Updated: Jul 2, 2018
They were among the unlikely heroes of the April 2015 superstorms, providing locals with shelter, food and a friendly shoulder. But now it is Bank Hotel, Dungog owners Bruce and Eileen Clark who are looking for new ways to keep their heads above water in a challenging regional market.
The husband and wife team are no strangers to hospitality. A fourth generation publican, Eileen has spent her life behind the bar and one could argue it is in the genes, with the couple's daughter also in the business, running the The Royal Hotel just up the road.
But a declining youth population and the absence of a local caravan park to attract grey nomads is proving challenging for the pair.
"When we first purchased the Bank Hotel in 2002 the railway was in town. It was great and our accommodation upstairs were called 'hot beds'. One worker would get out, go to work, and another would get in," Bruce says.
"We had house keepers that worked non-stop, but that stopped in early 2003 when they re-railed from Newcastle up to the north coast.
"Then it was tough. In the town itself there's 10 liquor outlets for a population of about 2,700. Plus we have overheads, insurance, public liability and you cannot physically run it all yourself, so there's wages.”
Bank Hotel owners Bruce and Eileen Clark who are looking for new ways to keep their heads above water, in a challenging regional market...
Bruce and Eileen say a lack of local employment opportunities also draw youth away from the town.
"The community has been decimated by a lack of work. When they de-regulated the dairy industry a lot of local dairy farmers closed up, some went south to Victoria. Then they closed the forestry down. There's just no local work for young people to stick around."
To combat the declining local market, Eileen and Bruce have recently moved toward a digital strategy, re-branding the hotel online as a cosy and affordable tourist stop with wholesome food and comfortable accommodation. Eileen has also become proficient in the art of online accommodation booking sites.
"We decided it was time to smarten ourselves up," Eileen says.
"The hotel was getting old and we were really bogged down. We knew we had to do something, so Bruce rebuilt the big veranda and we've hired a web designer to take care of our digital presence, including social media. I also learned how to register the hotel on popular online booking sites.
"The idea is that we want to attract travellers looking for somewhere affordable to stay with dinner and a hot bath. We're not going to pretend we're something we're not, but it's friendly and cosy with traditional pub-style meals and a comfortable place to sleep. We just need to put ourselves out there more and online is the way to do that."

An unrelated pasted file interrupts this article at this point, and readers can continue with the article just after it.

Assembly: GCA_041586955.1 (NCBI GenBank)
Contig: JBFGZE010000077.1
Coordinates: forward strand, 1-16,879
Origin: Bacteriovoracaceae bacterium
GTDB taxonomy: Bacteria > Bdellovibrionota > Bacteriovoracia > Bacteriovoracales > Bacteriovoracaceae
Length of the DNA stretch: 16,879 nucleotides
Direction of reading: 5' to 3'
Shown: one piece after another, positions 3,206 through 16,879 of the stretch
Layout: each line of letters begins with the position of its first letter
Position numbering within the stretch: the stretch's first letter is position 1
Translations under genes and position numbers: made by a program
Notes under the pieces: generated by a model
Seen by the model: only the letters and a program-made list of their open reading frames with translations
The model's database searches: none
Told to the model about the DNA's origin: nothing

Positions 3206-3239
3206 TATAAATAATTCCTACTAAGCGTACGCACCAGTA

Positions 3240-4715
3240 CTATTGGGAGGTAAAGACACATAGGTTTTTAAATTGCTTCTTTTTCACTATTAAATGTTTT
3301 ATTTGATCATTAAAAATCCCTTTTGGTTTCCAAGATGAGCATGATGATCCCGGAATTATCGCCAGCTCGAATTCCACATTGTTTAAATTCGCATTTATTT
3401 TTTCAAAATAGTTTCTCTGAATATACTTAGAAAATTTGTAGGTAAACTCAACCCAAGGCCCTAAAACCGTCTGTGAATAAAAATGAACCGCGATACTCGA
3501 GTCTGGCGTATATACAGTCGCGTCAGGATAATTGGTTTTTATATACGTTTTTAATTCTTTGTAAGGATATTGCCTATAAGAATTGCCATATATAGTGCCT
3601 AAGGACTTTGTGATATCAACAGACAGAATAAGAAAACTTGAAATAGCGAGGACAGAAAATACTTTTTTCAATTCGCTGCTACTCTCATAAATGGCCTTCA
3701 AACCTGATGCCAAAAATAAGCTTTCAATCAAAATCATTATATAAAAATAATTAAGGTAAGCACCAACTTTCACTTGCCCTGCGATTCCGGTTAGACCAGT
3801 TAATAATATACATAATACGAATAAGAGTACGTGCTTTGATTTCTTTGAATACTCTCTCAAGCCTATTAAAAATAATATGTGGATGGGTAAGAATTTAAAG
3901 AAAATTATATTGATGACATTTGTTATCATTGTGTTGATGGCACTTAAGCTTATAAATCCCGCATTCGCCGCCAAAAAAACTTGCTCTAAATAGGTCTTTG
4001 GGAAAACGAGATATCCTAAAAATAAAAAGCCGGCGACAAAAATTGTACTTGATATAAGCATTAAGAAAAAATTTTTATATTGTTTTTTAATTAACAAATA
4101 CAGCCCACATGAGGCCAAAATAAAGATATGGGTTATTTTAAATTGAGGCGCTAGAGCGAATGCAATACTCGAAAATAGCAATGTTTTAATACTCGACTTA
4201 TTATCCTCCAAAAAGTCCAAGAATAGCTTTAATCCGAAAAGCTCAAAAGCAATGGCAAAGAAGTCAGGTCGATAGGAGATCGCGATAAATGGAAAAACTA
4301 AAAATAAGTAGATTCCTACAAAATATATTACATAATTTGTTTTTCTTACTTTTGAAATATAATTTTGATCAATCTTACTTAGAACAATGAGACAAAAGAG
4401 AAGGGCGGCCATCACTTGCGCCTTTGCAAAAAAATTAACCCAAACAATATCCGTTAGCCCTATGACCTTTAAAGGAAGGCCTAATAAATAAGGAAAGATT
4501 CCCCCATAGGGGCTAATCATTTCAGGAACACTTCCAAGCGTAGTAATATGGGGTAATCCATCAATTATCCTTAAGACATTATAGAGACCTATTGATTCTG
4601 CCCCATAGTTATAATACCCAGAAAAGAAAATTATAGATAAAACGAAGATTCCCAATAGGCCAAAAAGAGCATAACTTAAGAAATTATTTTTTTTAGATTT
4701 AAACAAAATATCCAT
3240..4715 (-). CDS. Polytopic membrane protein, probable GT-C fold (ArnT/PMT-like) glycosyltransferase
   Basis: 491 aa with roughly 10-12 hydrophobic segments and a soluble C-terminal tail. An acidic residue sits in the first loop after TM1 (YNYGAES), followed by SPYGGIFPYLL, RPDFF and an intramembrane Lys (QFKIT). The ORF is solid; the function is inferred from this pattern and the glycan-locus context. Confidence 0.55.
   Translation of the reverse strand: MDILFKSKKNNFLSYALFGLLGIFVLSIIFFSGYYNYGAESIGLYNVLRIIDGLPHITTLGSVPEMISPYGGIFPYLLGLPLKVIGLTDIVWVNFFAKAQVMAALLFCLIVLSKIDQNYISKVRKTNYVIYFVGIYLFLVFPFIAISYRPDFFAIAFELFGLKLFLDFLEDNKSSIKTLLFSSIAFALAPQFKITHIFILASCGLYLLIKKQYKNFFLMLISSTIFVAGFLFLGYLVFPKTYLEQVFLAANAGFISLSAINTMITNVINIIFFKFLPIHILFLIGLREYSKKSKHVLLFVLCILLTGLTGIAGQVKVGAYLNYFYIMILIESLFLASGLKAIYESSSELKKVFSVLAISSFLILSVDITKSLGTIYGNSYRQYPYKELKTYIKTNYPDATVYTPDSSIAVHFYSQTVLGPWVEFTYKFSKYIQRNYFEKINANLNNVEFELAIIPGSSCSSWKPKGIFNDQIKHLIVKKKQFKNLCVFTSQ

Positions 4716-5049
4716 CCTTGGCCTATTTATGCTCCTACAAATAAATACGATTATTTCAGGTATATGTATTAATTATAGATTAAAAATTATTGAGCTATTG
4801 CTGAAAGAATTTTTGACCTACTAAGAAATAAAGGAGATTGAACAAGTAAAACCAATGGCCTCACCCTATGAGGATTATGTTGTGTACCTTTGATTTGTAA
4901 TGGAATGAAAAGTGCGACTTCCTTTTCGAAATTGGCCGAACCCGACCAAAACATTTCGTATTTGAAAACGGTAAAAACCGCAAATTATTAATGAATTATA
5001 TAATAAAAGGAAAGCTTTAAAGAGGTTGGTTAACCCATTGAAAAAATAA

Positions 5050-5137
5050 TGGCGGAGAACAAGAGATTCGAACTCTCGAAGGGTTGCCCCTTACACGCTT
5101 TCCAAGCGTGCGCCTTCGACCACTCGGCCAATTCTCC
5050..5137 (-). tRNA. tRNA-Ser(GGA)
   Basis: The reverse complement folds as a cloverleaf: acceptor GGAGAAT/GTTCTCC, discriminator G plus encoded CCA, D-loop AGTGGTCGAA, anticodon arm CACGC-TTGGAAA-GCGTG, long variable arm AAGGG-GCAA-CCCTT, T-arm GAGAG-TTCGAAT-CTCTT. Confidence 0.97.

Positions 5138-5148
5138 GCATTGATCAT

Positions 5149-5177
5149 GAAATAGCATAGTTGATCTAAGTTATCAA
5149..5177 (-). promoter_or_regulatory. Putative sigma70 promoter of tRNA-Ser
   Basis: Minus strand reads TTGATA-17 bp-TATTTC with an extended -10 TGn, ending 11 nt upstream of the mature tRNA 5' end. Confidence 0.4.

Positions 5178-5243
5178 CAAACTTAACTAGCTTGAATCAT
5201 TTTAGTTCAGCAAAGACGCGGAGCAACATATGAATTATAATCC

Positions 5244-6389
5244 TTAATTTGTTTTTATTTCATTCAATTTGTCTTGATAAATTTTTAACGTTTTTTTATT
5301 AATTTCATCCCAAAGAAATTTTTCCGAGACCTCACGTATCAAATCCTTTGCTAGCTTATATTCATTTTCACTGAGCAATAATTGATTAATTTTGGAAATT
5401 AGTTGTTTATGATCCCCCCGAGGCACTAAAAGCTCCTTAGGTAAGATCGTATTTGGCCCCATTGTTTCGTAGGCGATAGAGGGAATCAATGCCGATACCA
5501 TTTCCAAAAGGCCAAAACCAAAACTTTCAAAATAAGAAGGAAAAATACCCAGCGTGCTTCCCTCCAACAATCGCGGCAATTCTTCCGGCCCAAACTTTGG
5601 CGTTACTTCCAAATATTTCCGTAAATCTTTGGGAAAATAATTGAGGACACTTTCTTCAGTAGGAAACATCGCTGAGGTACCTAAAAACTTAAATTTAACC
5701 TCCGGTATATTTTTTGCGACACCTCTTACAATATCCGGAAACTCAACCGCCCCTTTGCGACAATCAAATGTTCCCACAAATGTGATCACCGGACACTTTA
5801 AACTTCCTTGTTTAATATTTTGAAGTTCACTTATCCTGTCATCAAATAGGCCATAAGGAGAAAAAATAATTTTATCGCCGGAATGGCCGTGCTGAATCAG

We're not going to pretend we're something we're not, but it's friendly and cosy with traditional pub-style meals and a comfortable place to sleep..."
In addition to its traditional roots, the hotel also has a colourful history having survived the April superstorms, which sadly took the lives of three local residents, two who were locals at the pub. It has also been the accommodation of choice for touring British band Mumford and Sons, and was recently used as a filming location for Jessica Mauboy's television series the Secret Daughter.
"During the April superstorms we had people taking refuge here and we offered accommodation to as many as we could. We also had cats and dogs here during that time. All of our 18 rooms were full with people and some were here for more than a year due to insurance issues," Bruce says.
"At that time the hotel became a central place for people. We had long tables of clothes, blankets and shoes, we provided food because we had a generator, as well as water and whatever else we could. There were houses floating across the road. We knew what we had to do was help, so that's what we did."
"During the April superstorm we had people taking refuge here and we offered accommodation to as many as we could..."
Bruce also assisted in pulling a neighbour to safety from a home that was inundated with water, while in the aftermath Eileen and her daughter braved the roads driving the hotel bus to the Bull n' Bush at Medowie, which is also operated by Eileen's family. There they collected all the frozen food and came back to cook for the community at no cost.
"Our hotel has experienced so much," Eileen says.
"The storm was one thing, but in 2012 Mumford and Sons also stayed at the hotel during a Gentlemen of the Road stopover, and Jessica Mauboy was here not so long ago shooting The Secret Daughter.
"We’ve have had some pretty special visitors and this is a special place. We would love to see it back on the map."
Look carefully and you will see a couple of familiar scenes!
The Bank Hotel
270 Dowling Street
Dungog NSW 2420
(02) 4992 1701